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Street Smart campaign begins, will target all road users

John Saunders, director of highway safety at the Virginia Department of Motor Vehicles talks about traffic fatalities during the launch of this year's Street Smart public safety campaign in College Park, Maryland, March 25, 2015. (WTOP/Kate Ryan)

COLLEGE PARK, Md. — The faces staring back at from the rear of buses: People with tire tracks across their faces with phrases underneath like “You can’t fix pedestrians at a body shop.”

Those ads are just one aspect of the regional Metropolitan Washington Council of Governments’ Street Smart public safety campaign.

As part of the campaign, police throughout the region will increase enforcement efforts from March 23 to April 19. Every road user is targeted in the campaign. Police will dole out safety advice and warnings about the possibility of fines up to $500 for violating traffic laws.

This year’s campaign was launched at College Park’s City Hall. The location was deliberate: Multiple pedestrian fatalities in College Park last year led to the speed limit reductions and other safety improvements.

According to John Saunders, director of highway safety at the Virginia Department of Motor Vehicles, there were 700 traffic fatalities in 2014. Of those, 102 involved pedestrians and cyclists.

“A closer look at the numbers shows that 90 of the 102 fatalities were pedestrians, and that 58 percent were the drivers’ fault,” Saunders says.

In Montgomery County, according to Jeff Dunckel, the county’s pedestrian safety coordinator, says when there are collisions involving cars and pedestrians or cyclists, drivers are at fault 60 percent of the time.

But the warnings to pedestrians and cyclists are seen by advocates for those groups as victim-blaming. Dunckel says that’s not the intent at all.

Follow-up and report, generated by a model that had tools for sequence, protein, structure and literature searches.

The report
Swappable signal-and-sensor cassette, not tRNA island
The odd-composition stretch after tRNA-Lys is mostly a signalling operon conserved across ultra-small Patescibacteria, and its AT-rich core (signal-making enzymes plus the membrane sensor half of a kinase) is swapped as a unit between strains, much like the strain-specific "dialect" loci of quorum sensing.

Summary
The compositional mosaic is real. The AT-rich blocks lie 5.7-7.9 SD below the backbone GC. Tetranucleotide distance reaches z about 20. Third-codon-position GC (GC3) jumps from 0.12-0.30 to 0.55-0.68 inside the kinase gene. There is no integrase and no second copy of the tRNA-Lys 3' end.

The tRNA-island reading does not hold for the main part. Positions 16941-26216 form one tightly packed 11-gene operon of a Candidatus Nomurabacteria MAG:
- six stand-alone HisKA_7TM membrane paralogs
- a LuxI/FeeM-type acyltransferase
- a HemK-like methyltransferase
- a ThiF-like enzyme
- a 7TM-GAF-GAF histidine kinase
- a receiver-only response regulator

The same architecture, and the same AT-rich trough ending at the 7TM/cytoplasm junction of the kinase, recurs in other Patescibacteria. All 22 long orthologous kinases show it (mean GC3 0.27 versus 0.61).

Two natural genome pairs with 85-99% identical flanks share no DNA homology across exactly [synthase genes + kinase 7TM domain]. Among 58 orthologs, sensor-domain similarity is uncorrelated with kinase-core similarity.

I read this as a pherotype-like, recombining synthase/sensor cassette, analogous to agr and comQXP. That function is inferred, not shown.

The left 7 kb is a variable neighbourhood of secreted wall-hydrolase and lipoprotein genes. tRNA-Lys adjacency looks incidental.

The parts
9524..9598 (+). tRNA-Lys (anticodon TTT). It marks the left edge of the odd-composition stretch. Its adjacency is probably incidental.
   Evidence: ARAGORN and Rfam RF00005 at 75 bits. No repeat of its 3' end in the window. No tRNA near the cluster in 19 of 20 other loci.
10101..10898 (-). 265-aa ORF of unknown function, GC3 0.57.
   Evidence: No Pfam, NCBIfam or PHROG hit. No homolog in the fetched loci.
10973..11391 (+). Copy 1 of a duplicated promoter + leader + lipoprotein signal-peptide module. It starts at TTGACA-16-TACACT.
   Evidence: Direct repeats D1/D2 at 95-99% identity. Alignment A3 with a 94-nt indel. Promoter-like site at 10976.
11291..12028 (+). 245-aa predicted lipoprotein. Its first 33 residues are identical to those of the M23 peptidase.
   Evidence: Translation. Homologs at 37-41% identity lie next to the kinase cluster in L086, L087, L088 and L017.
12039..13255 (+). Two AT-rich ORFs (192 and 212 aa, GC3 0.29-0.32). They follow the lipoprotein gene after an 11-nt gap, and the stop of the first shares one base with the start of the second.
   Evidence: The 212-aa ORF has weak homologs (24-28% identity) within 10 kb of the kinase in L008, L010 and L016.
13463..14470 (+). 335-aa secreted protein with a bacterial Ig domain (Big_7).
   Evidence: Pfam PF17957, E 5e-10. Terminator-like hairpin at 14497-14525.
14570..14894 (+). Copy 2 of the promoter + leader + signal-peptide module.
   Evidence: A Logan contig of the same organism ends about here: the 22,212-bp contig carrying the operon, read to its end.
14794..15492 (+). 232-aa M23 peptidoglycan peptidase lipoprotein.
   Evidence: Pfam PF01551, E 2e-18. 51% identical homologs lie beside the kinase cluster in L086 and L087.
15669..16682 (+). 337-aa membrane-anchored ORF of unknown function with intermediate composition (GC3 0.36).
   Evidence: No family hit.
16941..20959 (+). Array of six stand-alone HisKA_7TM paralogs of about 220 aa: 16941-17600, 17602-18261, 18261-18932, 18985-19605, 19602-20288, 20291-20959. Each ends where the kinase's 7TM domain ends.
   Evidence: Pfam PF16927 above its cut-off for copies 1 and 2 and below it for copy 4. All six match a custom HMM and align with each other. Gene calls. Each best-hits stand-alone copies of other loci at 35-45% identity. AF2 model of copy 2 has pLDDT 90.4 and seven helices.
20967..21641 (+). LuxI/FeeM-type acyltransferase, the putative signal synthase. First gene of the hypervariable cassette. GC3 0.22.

The intent is to humanize the pedestrian or cyclist to get drivers to see them not as obstacles in their way but human beings.

“What we’re trying to alert people to is that when in fact pedestrians are hit, they are the victims, they are the ones that suffer. You don’t see many drivers end up in the hospital because they hit a pedestrian,” Dunckel says.

Riverdale Police Chief Dave Morris says it’s important for pedestrians and cyclists to follow the rules to stay safe. But he says the idea is not to blame them. He says drivers keeping to posted speed limits play a big role in reducing fatal crashes.

“These collisions are preventable” Morris says.

Tips if you’re driving:

  • Slow down and obey the speed limit.
  • Look twice for people in crosswalks and yield to pedestrians and bicyclists.
  • Be careful when passing stopped vehicles.
  • Yield to pedestrians and bicyclists when you’re turning at intersections.
  • Allow three feet when passing bicyclists.
  • Look for bicyclists and cars before you open your door.
  • Avoid using your cell phone and never text while driving.

Tips if you’re walking:

  • Cross the street at the corner and use marked crosswalks when they’re available.
  • Wait for the “Walk” signal before crossing the street.
  • Watch for turning vehicles. Before crossing look left, right, and left again.
  • Be seen! If you’re walking after dark or in bad weather, make it easier for drivers to see you by wearing light-colored clothing or something reflective.
  • Don’t text while you’re crossing the street.
  • If you’re on an off-street trail, obey all posted signs and approach intersections with caution.

Tips if you’re biking:

  • Obey all traffic signs and traffic signals.
  • Ride in the direction of traffic, at least a car-door width away from parked cars.
  • Use hand signals so drivers, bicyclists, and pedestrians know what you’re going to do.
  • Always wear a helmet.
  • Use lights if you’re riding in the dark.
  • If you’re on an off-street trail, obey all posted signs and approach intersections with caution.
  • Slow down and watch for pedestrians on sidewalks, trails, and in crosswalks.

WTOP’s Kate Ryan contributed to this report.